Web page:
Clark Gregg


Clark Gregg Trivia


  • Trivia

    • The 2006 made-for-TV movie, The Road to Christmas, is Clark Gregg's first screen credit with his wife, actress Jennifer Grey.

    • Clark Gregg first attended Ohio Wesleyan University, but subsequently transferred to New York University. He received his BFA in drama from the university's Tisch School of the Arts in 1986.

    • In 1988, Clark Gregg made his feature film debut in the Edgar nominated Things Change, in a small part as "the stage manager". Gregg was directed by one of his mentors, David Mamet, and joined in the cast by another mentor, William H. Macy.

    • Feature film, What Lies Beneath, Clark Gregg's first produced screenplay, was released on July 21, 2000. The movie grossed a total US box office of $155,081,556 and spent 7 weeks in the US top 10.

    • Jennifer Grey and Clark Gregg's 2001 wedding was performed by Gregg's father, Robert Gregg. The senior Gregg is an Episcopal minister (as well as Stanford University professor). The wedding took place on the beach in Martha's Vineyard, and included both Christian and Jewish customs.

    • When he was young, Clark Gregg's family moved a number of times. He lived in Chapel Hill, NC, during his teenage years and graduated from Chapel Hill High.

    • In 1999, Variety Magazine named Clark Gregg to its "50 Creatives to Watch" list. The list was compiled by Variety's international staff of editors and reporters.

    • Clark Gregg's father-in-law is renowned stage and screen actor, Joel Grey.

    • Clark Gregg made his Broadway debut in 1989 as Lt. Jack Ross in the Aaron Sorkin play A Few Good Men.

    • Clark Gregg appeared on Aaron Sorkin's television show, The West Wing, a total of eight times, between 2001 and 2004, in Gregg's recurring role as FBI Special Agent Mike Casper.

    • Clark Gregg was praised by The New York Times for his direction of the 1996 revival of David Mamet's Edmund at the Atlantic Theater Company. The revival was called "crackling" and Mr. Gregg's staging "compelling".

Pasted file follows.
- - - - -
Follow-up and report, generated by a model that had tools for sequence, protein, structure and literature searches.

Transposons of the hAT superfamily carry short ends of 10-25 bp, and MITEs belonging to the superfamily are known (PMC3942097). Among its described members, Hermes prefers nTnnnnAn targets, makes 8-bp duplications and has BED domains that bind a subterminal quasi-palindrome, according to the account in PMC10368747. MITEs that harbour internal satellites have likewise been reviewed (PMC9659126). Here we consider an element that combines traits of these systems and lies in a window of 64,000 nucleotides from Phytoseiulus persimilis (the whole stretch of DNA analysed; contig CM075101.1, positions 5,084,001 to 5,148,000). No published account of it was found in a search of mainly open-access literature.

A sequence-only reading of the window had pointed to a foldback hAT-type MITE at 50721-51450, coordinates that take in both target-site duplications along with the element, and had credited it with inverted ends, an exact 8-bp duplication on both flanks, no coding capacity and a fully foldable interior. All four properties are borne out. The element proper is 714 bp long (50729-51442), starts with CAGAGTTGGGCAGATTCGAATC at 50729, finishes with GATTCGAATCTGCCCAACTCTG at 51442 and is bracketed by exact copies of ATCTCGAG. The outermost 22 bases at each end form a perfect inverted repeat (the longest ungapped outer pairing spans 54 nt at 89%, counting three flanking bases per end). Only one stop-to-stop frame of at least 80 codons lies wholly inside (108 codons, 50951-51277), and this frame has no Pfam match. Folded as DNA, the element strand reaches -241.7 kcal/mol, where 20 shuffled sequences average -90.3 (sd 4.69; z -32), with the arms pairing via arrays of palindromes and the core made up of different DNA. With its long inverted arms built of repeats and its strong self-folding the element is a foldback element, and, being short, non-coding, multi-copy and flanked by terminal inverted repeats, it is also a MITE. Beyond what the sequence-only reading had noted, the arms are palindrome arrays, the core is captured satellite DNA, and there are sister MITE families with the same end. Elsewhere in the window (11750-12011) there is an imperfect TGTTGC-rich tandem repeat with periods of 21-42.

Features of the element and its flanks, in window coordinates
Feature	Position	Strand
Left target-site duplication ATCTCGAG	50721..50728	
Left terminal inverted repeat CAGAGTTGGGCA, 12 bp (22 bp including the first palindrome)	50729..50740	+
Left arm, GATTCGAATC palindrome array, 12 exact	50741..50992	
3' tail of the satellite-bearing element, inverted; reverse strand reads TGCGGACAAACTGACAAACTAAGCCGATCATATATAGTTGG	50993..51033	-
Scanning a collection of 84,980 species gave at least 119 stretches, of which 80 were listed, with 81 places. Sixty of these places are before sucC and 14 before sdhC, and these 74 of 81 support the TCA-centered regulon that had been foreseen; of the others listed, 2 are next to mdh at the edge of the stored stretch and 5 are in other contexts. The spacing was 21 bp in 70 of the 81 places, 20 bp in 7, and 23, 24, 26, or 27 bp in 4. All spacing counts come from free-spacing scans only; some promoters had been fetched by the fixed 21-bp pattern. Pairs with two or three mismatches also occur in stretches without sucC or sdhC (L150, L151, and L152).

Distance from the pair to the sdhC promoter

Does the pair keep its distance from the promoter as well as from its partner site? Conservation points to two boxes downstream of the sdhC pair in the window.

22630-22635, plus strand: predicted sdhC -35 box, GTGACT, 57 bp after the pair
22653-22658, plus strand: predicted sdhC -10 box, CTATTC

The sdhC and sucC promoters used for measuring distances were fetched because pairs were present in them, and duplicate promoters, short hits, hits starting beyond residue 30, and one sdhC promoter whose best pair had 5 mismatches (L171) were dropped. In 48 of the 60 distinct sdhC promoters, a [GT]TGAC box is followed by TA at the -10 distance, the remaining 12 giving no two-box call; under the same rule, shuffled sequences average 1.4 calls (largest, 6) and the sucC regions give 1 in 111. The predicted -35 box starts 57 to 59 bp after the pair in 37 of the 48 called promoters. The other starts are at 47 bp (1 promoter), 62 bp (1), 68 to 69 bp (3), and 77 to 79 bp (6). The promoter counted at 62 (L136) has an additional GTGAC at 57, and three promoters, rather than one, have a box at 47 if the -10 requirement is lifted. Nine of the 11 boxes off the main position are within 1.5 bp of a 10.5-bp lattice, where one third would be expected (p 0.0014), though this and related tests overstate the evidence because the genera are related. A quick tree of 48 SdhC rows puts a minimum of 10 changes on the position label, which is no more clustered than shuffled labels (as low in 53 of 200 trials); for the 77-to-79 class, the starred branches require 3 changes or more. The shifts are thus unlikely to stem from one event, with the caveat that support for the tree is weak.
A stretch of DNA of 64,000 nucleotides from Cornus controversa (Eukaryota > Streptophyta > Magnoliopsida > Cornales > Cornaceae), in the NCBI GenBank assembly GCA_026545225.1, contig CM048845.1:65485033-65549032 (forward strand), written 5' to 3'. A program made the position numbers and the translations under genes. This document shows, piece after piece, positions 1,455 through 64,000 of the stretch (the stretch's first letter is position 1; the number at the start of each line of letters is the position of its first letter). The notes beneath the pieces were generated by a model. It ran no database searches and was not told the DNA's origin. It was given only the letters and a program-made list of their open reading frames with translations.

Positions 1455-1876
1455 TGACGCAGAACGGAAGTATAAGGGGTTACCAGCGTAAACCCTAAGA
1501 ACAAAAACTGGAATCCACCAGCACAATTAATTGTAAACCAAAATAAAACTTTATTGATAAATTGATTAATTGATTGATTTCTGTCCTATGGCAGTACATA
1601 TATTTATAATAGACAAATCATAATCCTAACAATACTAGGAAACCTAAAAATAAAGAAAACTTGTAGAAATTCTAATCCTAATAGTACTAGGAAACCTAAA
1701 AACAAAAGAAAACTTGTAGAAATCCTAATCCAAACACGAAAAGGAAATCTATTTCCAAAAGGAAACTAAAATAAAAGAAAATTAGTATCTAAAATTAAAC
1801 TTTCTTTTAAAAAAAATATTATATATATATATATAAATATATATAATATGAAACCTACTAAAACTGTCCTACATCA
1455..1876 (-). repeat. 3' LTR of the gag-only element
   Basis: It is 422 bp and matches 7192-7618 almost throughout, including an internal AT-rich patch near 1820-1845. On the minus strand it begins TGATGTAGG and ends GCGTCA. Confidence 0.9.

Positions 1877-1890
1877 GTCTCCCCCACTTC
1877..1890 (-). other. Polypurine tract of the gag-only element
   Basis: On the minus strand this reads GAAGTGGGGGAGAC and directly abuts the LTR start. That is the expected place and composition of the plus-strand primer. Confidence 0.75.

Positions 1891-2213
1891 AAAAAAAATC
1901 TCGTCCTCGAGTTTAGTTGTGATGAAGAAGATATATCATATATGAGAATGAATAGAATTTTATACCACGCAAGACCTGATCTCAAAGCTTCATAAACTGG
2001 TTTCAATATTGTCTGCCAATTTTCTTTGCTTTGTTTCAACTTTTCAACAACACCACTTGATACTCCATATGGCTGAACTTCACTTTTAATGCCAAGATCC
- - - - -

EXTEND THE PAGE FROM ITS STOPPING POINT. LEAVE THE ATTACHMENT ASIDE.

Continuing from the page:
• Clark Gregg directed the N.Y. and L.A. premieres of Kevin Heelan's Distant Fires. The play won three L.A. Weekly awards including Best Ensemble and Best Director and was nominated for Drama Desk, Obie and Outer Critics Circle Awards.

    • Clark Gregg is married to Jennifer Grey of Dirty Dancing and Ferris Bueller's Day Off fame. They married in 2001, the same year their daughter Stella was born.

    • Clark Gregg earned a Best Supporting Actor nomination at the Independent Spirit Awards for his striking turn as a transsexual in the independent feature The Adventures of Sebastian Cole.

  • Quotes

    • (on the possibility of fans recognizing him by name because of his starring role in "The New Adventures of Old Christine") Clark Gregg: ...actually, I kind of like 'it's that guy'-ness.

    • (on being recognized or not, prior to starring in "The New Adventures of Old Christine") Clark Gregg: Sometimes, lately, people will recognize me from some movie or something. But for years, it's just been, people think they went to high school or something with me.

    • (on playing the role of Hank/Henrietta, transexual-in-transition, in "The Adventures of Sebastian Cole") Clark Gregg: I didn't want to play a cross-dressing male. With Henrietta, what you see is what you get. The cool irony that [director Tod Williams]came up with is that the person who's making the most radical life choices--and who some people might consider, in a simplistic sense, the most flaky--is also the most solid, dependable person in Sebastian's life. I felt like any tremendous level of artifice would only impede Henrietta's ability to be a good parent.

    • (on "State and Main" and working with David Mamet) Clark Gregg: It was a blast to make. The great thing about working on Mamet's films is that there's a core group who've worked with him before, so it's like movie camp. Mamet is an inspiring and generous individual.

    • (on choosing to be a fan of the L.A. Clippers instead of the more successful L.A. Lakers) Clark Gregg: I like an underdog.

    • (on writing a screenplay before writing a stage play) Clark Gregg: I don't have the guts yet. But I want to try. I'm taking notes. You don't write a play to pay the rent.